It all started with a few treks up the trailless slopes of steep western mountains in search of the migrating raptors. Then in 1986, nearly a decade after HWI founder Steve Hoffman first began his pioneering effort to learn more about raptor migration in the western U.S., HawkWatch International (HWI) was born.
Over the years, our efforts to sustain and protect these remarkable creatures have led us to study and learn from them during all aspects of their lives, from spring nesting to fall migration and winter survival. What we have learned has informed land managers, other scientists, and people like you about what raptors need to survive in a rapidly changing landscape.
- Long-term monitoring of raptor migration across a network of 8 sites
- Community science investigating the declines of cavity-nesting raptors
- Investing in the next generation of conservationists through internships, scholarships, and more
- Curriculum-driven school programs for students in grades K-12
- Community programs, including library programs, park popups, appearances at festivals, and paid, private program
- Supporting educators with STEM professional development
- Evidence-based solutions to conserve raptors around the world
- Partnerships with governmental agencies and the private sector to implement conservation actions
- Investing in the globe’s most pressing raptor research and conservation
Climbing the Wellsvilles
The Wellsville Mountains of northern Utah is where HWI essentially began. HWI founder Steve Hoffman and colleague Wayne Potts discovered the Wellsville site in 1976 and conducted seasonal counts there.
The Western Foundation for Raptor Conservation
After a decade of migration monitoring, an official not for profit was formed. The organization was established officially under this much lengthier name. In 1990 we rebranded as HawkWatch International.
Golden Eagles In Decline
After analyzing our migration data, our team realized that Golden Eagles were in decline. This led to our long-term monitoring project measuring nestling survival, which we continue to run every spring and summer.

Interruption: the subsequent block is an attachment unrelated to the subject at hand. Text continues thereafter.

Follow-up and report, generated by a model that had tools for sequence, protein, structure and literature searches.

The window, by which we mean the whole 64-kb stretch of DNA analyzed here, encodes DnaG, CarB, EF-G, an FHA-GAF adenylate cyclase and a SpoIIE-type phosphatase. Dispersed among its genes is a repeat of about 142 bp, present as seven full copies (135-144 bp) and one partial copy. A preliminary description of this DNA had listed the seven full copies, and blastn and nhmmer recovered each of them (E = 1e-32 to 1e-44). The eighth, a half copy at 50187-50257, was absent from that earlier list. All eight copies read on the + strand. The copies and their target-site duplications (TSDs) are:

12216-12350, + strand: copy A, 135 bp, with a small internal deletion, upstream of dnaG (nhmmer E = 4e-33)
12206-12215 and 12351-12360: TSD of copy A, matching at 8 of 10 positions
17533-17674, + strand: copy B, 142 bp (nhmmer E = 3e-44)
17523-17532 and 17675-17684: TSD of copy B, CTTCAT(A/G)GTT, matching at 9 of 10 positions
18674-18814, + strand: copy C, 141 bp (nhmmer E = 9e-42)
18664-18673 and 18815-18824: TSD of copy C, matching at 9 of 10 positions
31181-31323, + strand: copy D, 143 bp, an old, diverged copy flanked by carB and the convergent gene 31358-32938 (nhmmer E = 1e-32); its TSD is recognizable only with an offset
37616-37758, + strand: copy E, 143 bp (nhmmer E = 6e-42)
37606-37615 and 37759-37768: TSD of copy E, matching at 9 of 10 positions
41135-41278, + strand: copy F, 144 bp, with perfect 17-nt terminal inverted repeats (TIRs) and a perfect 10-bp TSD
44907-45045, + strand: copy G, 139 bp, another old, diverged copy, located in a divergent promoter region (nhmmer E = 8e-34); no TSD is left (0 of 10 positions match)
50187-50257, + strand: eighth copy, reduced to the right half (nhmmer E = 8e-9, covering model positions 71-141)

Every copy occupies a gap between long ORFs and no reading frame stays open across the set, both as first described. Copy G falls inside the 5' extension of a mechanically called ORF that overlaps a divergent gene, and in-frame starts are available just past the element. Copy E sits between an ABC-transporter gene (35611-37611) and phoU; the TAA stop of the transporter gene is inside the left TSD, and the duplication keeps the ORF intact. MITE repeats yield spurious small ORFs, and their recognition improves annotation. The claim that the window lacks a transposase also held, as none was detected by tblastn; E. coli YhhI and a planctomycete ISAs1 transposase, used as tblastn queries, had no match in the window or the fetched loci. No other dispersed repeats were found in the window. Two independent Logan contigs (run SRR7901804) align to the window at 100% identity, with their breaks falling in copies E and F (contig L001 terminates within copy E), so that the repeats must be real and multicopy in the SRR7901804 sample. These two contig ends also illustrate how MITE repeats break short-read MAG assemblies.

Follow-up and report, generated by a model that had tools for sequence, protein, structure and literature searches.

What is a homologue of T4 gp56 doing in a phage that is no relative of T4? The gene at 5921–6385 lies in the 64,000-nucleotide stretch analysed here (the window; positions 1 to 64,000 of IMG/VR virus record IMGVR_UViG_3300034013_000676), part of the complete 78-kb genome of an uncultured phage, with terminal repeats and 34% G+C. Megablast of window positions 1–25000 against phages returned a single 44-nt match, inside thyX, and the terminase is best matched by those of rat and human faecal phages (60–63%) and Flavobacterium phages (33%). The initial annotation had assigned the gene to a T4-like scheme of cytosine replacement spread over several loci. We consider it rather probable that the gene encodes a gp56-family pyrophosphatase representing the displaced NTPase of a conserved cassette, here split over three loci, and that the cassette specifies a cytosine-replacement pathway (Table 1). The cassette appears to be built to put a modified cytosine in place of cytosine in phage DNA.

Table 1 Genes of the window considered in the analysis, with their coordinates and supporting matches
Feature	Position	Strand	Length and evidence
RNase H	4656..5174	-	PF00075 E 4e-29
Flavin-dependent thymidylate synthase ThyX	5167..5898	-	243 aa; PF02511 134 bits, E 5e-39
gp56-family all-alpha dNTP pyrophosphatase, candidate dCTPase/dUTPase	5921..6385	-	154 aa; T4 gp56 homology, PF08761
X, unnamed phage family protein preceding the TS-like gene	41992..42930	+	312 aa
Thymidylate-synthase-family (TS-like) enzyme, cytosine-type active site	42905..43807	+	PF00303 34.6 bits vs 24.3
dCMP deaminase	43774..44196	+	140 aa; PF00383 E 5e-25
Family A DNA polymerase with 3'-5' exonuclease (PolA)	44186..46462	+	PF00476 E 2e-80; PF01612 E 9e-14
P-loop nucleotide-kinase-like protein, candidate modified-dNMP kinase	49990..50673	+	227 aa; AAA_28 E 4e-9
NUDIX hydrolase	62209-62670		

HWI CARES About our Community
With more and more data pointing to the decline of American Kestrels, our team began our American Kestrel Studies to monitor kestrels during the breeding season. This has since evolved into our Cavity Adopting Raptor Ecology Studies (CARES), where our team, alongside volunteer community scientists, monitors hundreds of nests housing American Kestrels, Western Screech-owls, and Barn Owls.
Following Forest Owls
In partnership with the Earthwatch Institute, HWI set out to learn more about understudied Forest Owl species. Through this work we hope to better understand how climate change may impact the forests and the food these birds rely on for survival.
Becoming Truly International
After years of dabbling in international work in our migration network, in 2019, HWI made the decision to finally go global. The program works with some of the most at-risk species from South Africa to Indonesia.
The In-hand Guide to Diurnal North American Raptors
HWI biologists Jesse Watson and Dr. Dave Oleyar, Hawk Ridge banding director Frank Nicoletti, and raptor expert Jerry Liguori published a photo guide book including information on molt, sexing, and aging for commonly captured North American diurnal raptors.
Providing Support Around the World
After identifying global raptor research and conservation priorities, we realized the most at-risk species were not receiving the funding they needed. Through our Global Raptor Research & Conservation Grant funding, we aim to increase diversity and inclusivity in conservation, all while building local capacity.